Time hasn't been kind to Max Payne, the New York cop who used to woo us - or perhaps 'Woo' us - by diving around in slow motion blasting organised crime to pieces. In one of the bleakest game intros I've ever seen, Max begins his latest adventure by arriving at his new Sao Paolo apartment, getting the shakes, then draining a bottle of bourbon, chain-smoking and smashing a photograph of his dead family against a wall in his torment. Press Start.
If Max Payne 2 was The Fall of Max Payne, then Max Payne 3 is Max at rock bottom. He starts the game in a purgatorial funk, bodyguard to a Brazilian industrialist and his family of rich playboys and politicians, drinking his way through the days - the end of chapter one sees him lurching around his apartment, throwing up in the kitchen sink and then crying himself to sleep - while we listen along to his internal monologue. Poor old Max.
For a while though, it seems as though time has been surprisingly kind to Max Payne, the third-person shooter with Bullet Time that first graced our screens in 2001. It hasn't changed much since then, even with the transition from Remedy to new developer Rockstar Vancouver, and when paramilitaries start violently abducting Max's employers that turns out to be just fine. Max may have piled on the pounds and lost his self-respect, but his iconic Shoot Dodge hasn't aged badly at all.
Tooled up with a pair of pistols or Uzis and faced with a room full of enemies, Max can throw himself out of cover in slow motion, diving through the air and nailing his adversaries one by one. When life snaps back to normal speed, they all fall down. (And if for some reason they haven't, Max can lie there on the floor, twisting around as you swivel your gun-sights, firing away until you drag him back to his feet.)
Max Payne 3 is at its best when Rockstar contrives interesting Shoot Dodge scenarios, which usually involve jumping off something, like a balcony or a ramp, so that Max can hang in the air longer and puncture more enemies. My favourite is the sequence early on where Max is downing scotch in a nightclub VIP lounge when paramilitaries appear out of nowhere and snatch his boss's wife. With no hesitation, Max bulls the nearest guy backwards through the glass wall overlooking the dance floor, and then soars through the smoky air, firing all the way down and using the bad guy to cushion his landing.
Max can also slow down time without diving around, using up his rechargeable Bullet Time meter in the process, and the health system is also familiar - a grey silhouette of Max that fills up with blood until you pop some painkillers. One change is that Max can now snap to cover, and this becomes more important later in the game as you move through car parks, offices, docks, hotels and alleyways swimming with enemies who won't go down easily.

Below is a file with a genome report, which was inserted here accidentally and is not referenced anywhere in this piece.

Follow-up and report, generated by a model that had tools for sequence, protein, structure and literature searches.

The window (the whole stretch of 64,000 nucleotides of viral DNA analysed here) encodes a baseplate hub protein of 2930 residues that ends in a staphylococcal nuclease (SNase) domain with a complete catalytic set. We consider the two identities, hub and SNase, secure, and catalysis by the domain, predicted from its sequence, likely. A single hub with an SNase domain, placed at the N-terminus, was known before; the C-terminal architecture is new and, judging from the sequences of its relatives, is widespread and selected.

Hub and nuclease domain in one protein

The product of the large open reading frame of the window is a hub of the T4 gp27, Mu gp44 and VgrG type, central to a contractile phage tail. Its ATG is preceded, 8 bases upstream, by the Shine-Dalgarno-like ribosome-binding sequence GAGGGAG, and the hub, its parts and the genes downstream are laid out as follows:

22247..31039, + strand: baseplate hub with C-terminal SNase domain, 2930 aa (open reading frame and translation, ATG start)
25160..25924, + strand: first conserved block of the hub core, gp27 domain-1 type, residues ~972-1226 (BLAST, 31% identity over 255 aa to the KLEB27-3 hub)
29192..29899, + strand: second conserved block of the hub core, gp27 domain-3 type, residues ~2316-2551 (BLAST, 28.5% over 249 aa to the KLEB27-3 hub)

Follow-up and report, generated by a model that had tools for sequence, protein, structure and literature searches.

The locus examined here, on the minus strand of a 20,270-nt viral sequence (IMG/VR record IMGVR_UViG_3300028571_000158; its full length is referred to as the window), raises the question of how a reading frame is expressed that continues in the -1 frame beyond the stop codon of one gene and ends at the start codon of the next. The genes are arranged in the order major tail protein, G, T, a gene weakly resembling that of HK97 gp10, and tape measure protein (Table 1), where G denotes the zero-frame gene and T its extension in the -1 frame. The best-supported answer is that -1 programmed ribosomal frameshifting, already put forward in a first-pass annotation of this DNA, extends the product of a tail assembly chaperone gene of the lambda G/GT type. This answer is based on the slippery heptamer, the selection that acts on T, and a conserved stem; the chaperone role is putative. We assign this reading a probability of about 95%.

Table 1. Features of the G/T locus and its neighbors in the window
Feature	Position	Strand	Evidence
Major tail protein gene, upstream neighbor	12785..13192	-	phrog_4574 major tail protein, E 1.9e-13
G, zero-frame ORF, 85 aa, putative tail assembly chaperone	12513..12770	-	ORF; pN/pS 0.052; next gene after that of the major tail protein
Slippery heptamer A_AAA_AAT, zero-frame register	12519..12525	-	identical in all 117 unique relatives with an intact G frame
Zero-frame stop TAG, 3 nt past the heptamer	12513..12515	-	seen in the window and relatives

Most of the time, then, this is very much the Max Payne we last played in late 2003, but while that means we get to enjoy Shoot Dodge again for a while, ultimately the nostalgia wears off and the familiarity goes against the game more than it works in its favour.
The biggest difference is that now we're in more expensively assembled car parks, offices, docks, hotels and alleyways, infused with the sort of fine-grain environmental detail we've come to expect from Rockstar's worlds. A slow walk through a Sao Paolo favela halfway through the game is almost on a par with Uncharted 2's stroll through a Tibetan village; as Max prowls the alleys in a bad Hawaiian shirt, street kids play football on a rundown basketball court, startled mothers rush to close wooden shutters, and gang members stalk the player's shadows with AK-47s.
"After a few respawns, the game gives you some extra painkillers, suggesting even Rockstar realised its game wasn't perfectly weighted. So why not fix it?"
But all this polish can only sustain your enjoyment for so long when it's punctuated by such repetitive and increasingly frustrating combat. Even on the regular difficulty setting, using Shoot Dodge - the most entertaining thing about being Max Payne - soon becomes impractical due to the weight of enemy numbers and their pinpoint accuracy. We've learned to cope with the occasional balancing issue in a vast Grand Theft Auto game, but the difficulty spikes and checkpointing mistakes in Max Payne 3 betray Rockstar's lack of experience in pure third-person shooters. After a few respawns, the game gives you some extra painkillers, suggesting even Rockstar realised its game wasn't perfectly weighted. So why not fix it?